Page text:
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Option volume has accelerated on Barnes & Noble, Inc. (NYSE:BKS - 12.60) in today's session, with calls and puts trading at 1.8 times and four times their respective average daily volumes. By the numbers, around 960 call contracts have crossed the tape, compared to approximately 2,900 put contracts.
Speculators are making their short-term bearish case for BKS, with the September 12-strike put emerging as the day's most popular contract. Nearly all of the 2,120 contracts traded at this strike have so far crossed the tape at the ask price. With open interest currently checking in at a mere 805, it's safe to assume that new pessimistic positions are being opened here.
By buying the puts to open, these option traders are expecting BKS to fall below $11.12 (the strike minus the volume-weighted average price (VWAP) of $0.88) over the next five weeks -- representing a 12% slide from the equity's current perch.
Today's preference for short-term puts is reflective of a current trend among BKS speculators, with the stock sporting a Schaeffer's put/call open interest ratio (SOIR) of 1.24. What's more, this ratio ranks in the 73rd percentile of its annual range, suggesting near-term traders are more put-heavy than usual toward the security.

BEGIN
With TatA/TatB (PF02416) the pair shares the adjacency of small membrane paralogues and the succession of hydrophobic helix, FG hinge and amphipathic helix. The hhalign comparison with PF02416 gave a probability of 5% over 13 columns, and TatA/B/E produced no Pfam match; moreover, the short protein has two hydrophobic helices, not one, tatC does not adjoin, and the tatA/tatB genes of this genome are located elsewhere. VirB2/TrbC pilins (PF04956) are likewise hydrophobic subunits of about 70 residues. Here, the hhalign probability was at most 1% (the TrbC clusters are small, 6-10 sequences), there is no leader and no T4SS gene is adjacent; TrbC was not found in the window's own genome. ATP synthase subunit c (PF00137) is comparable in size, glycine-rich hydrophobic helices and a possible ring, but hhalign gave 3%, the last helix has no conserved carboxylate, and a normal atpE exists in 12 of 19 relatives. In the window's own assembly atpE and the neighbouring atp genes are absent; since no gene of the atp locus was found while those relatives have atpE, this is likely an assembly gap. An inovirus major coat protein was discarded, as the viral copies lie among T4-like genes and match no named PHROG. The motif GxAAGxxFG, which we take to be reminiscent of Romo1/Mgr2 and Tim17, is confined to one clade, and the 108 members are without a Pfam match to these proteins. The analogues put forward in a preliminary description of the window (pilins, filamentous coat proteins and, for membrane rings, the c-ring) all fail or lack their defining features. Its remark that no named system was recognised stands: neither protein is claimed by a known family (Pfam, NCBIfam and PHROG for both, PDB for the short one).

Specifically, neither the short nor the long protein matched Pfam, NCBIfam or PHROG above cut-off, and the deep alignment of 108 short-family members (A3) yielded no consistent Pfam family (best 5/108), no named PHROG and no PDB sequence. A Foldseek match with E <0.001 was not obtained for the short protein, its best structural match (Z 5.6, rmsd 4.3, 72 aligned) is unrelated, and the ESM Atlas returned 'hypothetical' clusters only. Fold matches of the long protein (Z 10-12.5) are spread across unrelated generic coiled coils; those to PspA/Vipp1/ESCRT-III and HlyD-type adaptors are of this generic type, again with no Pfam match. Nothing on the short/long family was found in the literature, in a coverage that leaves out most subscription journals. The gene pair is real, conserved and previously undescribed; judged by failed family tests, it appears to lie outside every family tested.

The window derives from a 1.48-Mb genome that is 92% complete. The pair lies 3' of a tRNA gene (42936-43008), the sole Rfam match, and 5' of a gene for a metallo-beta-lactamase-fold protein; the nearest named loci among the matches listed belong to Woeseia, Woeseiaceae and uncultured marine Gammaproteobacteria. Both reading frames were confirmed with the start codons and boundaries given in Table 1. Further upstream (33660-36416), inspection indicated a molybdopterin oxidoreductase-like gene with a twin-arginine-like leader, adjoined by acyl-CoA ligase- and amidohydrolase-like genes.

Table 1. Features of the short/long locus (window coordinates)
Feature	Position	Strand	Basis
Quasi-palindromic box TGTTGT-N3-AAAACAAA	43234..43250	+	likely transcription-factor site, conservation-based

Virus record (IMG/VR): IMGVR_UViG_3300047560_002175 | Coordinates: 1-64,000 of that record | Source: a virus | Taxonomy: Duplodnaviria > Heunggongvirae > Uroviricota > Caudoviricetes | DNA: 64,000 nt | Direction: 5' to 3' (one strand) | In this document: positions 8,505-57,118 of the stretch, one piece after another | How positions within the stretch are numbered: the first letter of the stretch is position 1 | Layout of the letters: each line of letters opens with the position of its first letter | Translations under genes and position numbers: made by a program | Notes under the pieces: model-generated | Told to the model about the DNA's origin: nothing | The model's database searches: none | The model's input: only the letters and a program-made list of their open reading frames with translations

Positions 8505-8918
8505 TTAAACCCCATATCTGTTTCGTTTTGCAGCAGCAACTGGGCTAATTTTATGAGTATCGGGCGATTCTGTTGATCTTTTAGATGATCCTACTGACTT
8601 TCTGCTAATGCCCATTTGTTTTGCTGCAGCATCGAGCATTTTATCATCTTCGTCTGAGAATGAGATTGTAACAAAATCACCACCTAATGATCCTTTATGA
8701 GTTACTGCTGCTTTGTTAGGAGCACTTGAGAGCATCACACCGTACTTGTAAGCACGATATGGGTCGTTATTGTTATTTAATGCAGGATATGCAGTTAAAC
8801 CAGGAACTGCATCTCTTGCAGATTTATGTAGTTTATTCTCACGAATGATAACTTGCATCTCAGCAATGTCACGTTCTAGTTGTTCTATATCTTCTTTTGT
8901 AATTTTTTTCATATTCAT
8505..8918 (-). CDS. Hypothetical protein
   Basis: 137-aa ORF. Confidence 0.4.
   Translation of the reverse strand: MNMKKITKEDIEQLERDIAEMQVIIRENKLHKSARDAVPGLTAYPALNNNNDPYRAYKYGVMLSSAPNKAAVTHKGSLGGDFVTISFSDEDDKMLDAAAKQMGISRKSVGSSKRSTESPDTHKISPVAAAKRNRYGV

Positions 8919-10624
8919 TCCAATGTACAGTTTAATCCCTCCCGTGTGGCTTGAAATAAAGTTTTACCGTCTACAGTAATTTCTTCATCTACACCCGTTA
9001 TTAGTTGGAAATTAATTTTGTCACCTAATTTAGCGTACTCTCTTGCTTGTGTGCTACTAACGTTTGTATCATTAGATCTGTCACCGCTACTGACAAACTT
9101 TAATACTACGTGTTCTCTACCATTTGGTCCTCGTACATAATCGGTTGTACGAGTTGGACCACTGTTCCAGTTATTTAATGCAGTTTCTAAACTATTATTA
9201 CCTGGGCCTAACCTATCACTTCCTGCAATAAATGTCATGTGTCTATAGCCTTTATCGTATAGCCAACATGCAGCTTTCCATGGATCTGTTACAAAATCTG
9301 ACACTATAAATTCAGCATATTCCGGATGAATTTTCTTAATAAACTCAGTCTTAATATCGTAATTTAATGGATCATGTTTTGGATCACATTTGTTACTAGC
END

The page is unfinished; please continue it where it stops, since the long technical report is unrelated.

However, there could be a few things that are driving today's excessive level of put volume. For starters, BKS began its day with a bearish note from Stifel Nicolaus, with the brokerage firm citing an ever-increasing market presence within the e-book industry as the catalyst. Additionally, the bookseller is scheduled to take its turn at the earnings plate next Tuesday, Aug. 21. Barnes & Noble has failed to meet per-share earnings expectations in each of its last four quarters. Wall Street is presently expecting a loss of $1 per share for the company's fiscal first quarter.
It could also be BKS' dismal technical backdrop stoking the skeptical mood. Stifel's dreary outlook has prompted a sell-off in today's session, with the shares adding roughly 5% to their 8.1% year-to-date deficit. Plus, during the course of the past 60 trading sessions, the stock has lagged the broader S&P 500 Index (SPX) by more than 27 percentage points.
To the pleasure of the previously mentioned put players, additional analyst-related troubles could be in store for the equity. Two of the three covering analysts still maintain a "strong buy" toward BKS. Also, the consensus 12-month price target of $20.75 represents a brazen 65% premium to the stock's current price. Should the company's impending quarterly results once again fall short of the Street's view, another round of downgrades and/or price-target cuts could exacerbate BKS' technical troubles.